Category III

Phytotherapies have shown the greatest potential in category III prostatitis, termed CP/CPPS, which is the most common of the clinical prostatitis syndromes. The symptoms may be similar to those experienced by patients with chronic bacterial prostatitis (category II) but without infection and probably with more pain and discomfort (certainly with more durable and sustained discomfort). The etiology is unknown, but there are many theories, including persistent, occult prostate infection or inflammation, possibly as a response to infection or a dysregulated immune response or a true autoimmune disease. All the symptoms of CP/CPPS, however, can be caused by pelvic muscle spasm and can be extrinsic to prostate tissue. In some patients who underwent radical prostatectomy for CP/CPPS or prostate cancer, CP/CPPS symptoms did not resolve. In these cases, disease may never have been in the prostate or, because of long-term prostatic inflammation and pain, an autonomous neuromuscular condition developed.

Even though the term prostatitis is often applied to category III, there is often no evidence of inflammation. Only about 50% of symptomatic patients have leukocytes in expressed prostatic secretions (EPS). Many phytotherapies have antioxidant and anti-inflammatory characteristics, and it might be by these mechanisms that these compounds produce their clinically beneficial effects. The best-studied phytotherapies in this category are quercetin, rye and other pollen preparations, and saw palmetto.

 

Category IV

Although category IV prostatitis is asymptomatic, new evidence of the role inflammation may play in the progression of BPH and in prostate cancer makes this category, defined almost as an afterthought, one of the most important and interesting for study and a potential target of treatment. Here, too, phytotherapy may have a role. Many of the proposed mechanisms for the phytotherapies in the prostate are anti-inflammatory. It is beyond the scope of this review to examine the potential role of phytotherapies in the management of category IV prostatitis, but this will likely become an important topic in the near future.

Phytotherapies have shown the greatest potential in category III prostatitis, termed CP/CPPS, which is the most common of the clinical prostatitis syndromes. The symptoms may be similar to those experienced by patients with chronic bacterial prostatitis (category II) but without infection and probably with more pain and discomfort (certainly with more durable and sustained discomfort). The etiology is unknown, but there are many theories, including persistent, occult prostate infection or inflammation, possibly as a response to infection or a dysregulated immune response or a true autoimmune disease. All the symptoms of CP/CPPS, however, can be caused by pelvic muscle spasm and can be extrinsic to prostate tissue. In some patients who underwent radical prostatectomy for CP/CPPS or prostate cancer, CP/CPPS symptoms did not resolve. In these cases, disease may never have been in the prostate or, because of long-term prostatic inflammation and pain, an autonomous neuromuscular condition developed.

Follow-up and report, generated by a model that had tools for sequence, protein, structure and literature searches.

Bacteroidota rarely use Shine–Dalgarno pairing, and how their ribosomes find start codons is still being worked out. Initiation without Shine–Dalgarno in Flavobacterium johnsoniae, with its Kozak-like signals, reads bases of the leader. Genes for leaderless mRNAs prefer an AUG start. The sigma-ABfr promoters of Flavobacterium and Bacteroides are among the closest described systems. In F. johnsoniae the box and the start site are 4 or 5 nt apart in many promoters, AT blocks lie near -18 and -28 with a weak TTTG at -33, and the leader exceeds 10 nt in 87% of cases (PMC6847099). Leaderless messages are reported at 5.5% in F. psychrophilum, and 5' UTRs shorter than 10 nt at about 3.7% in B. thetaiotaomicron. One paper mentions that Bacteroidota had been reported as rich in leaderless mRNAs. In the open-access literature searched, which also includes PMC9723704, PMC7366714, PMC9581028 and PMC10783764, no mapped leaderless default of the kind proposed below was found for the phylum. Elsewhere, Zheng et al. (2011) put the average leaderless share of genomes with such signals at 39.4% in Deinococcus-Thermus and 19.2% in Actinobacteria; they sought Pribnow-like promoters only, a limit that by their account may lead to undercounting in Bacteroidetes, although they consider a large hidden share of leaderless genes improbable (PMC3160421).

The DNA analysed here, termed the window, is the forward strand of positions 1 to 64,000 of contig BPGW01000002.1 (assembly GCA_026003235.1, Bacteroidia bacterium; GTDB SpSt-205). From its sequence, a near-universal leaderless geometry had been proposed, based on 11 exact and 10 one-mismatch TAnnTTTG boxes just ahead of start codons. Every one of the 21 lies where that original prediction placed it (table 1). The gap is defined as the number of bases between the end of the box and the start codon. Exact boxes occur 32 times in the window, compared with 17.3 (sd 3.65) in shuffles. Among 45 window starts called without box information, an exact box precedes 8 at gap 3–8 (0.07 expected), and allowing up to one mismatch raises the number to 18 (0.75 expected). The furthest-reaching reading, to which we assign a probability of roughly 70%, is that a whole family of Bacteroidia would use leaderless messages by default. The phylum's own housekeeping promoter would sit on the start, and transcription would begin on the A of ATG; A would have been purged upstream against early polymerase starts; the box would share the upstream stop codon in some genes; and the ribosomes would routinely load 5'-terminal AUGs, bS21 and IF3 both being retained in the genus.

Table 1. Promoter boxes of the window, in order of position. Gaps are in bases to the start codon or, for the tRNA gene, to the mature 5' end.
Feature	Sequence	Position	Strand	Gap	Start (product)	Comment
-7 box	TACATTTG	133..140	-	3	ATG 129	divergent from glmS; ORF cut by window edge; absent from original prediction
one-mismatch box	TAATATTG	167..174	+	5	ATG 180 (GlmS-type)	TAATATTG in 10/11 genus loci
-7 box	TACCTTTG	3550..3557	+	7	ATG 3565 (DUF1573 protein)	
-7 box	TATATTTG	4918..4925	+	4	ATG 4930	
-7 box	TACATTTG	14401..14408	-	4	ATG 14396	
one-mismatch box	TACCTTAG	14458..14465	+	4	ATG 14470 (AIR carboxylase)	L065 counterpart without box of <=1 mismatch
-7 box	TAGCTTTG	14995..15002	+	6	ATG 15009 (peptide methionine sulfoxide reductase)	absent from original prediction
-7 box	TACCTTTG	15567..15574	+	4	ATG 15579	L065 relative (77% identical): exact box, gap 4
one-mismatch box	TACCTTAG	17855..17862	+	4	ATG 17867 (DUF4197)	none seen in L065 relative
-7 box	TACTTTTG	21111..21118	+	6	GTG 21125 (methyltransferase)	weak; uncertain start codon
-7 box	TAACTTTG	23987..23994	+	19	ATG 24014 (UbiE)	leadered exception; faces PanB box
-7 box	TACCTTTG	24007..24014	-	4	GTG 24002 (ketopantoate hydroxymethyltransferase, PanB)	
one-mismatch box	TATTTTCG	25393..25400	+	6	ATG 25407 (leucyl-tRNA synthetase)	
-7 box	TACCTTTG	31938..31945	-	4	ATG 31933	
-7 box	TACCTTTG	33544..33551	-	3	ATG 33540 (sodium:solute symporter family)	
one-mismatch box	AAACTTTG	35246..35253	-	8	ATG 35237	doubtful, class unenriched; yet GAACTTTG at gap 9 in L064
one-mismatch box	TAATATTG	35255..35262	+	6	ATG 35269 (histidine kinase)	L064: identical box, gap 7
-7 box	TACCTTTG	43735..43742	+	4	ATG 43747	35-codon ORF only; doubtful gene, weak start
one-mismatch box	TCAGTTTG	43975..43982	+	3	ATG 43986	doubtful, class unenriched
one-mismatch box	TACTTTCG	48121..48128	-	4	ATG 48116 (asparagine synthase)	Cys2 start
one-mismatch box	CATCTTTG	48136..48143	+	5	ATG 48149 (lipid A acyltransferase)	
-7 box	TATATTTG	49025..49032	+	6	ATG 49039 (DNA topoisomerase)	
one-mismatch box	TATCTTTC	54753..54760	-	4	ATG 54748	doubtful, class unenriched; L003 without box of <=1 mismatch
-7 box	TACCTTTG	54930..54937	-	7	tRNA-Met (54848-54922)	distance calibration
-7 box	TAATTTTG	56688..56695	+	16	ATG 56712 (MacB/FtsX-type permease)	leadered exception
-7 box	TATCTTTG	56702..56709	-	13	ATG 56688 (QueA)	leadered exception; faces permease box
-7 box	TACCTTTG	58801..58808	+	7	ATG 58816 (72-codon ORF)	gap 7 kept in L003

Prostatic Cancer

Complementary and alternative medical therapies present great opportunities in prostate cancer, especially in the watchful waiting population. Although many older men with well-differentiated tumors will not die of prostate cancer they do have a 20% to 25% chance of dying of the disease in 15 to 20 years. Patients recommended for watchful waiting want to do something to keep their cancer from progressing, so many are using off-label medications and CAM therapies.

Urologists need to give them and all patients’ advice that will stand the test of time. Patients have a right to know what the best evidence is for different CAM therapies and, most important, how to increase their chance of survival. Following is a summary of the current evidence on CAM therapies of interest to patients seeking to prevent prostate cancer and/or its progression.

Conclusion

In conclusion, Phytotherapies pose great challenges and present tremendous opportunities in prostate disease. However, not all men diagnosed prostatic diseases also benefits of CAM. The most important thing I urged you the patient to understand is that single ingredients is not enough for managing prostatic conditions and never succumb with centers promising cure. Natural treatments are not ‘magic bullet’ drugs; so the treatment could take you between six months to even a year to start experiencing the benefits. Natural treatments do not work very fast! With products on the market you need to read the product label and research on the ingredients based on science use for the formulations. Any product you taking for prostatic cancer; kindly confirm with your PSA, if no improvement kindly stop and see your Doctor.

Some of the natural products could even worsen your symptoms though it has been clinically proven effective for prostatic diseases management. It means the product or a particular ingredient in it is not good or working for you. Do not waste your money on product formulated with single ingredients. Also check who formulated the product you are using; some have no knowledge in natural treatment for prostatic conditions. Do not also fall to advertisement because a celebrity has endorsed it. It is therefore also important for a conventional Urologist to collaborate with Naturopathic Urologists to help address the issue of prostate conditions.

In a market without the rigorous clinical trials and regulation that can ensure efficacy and safety, the dangers are high, and failures, such as with PC-SPES, can be spectacular. But nutraceutical research shows that some of these compounds present opportunities to manage prostate disease that may even exceed those afforded by today’s pharmaceuticals. Clinical and basic research is indicating that inflammation may play a crucial role in the genesis and progression of BPH and prostate cancer. That hints at even more potential for nutraceuticals in prostate disease because so many have anti-inflammatory properties hence conventional Urologists needs to recognize this and advise their patients.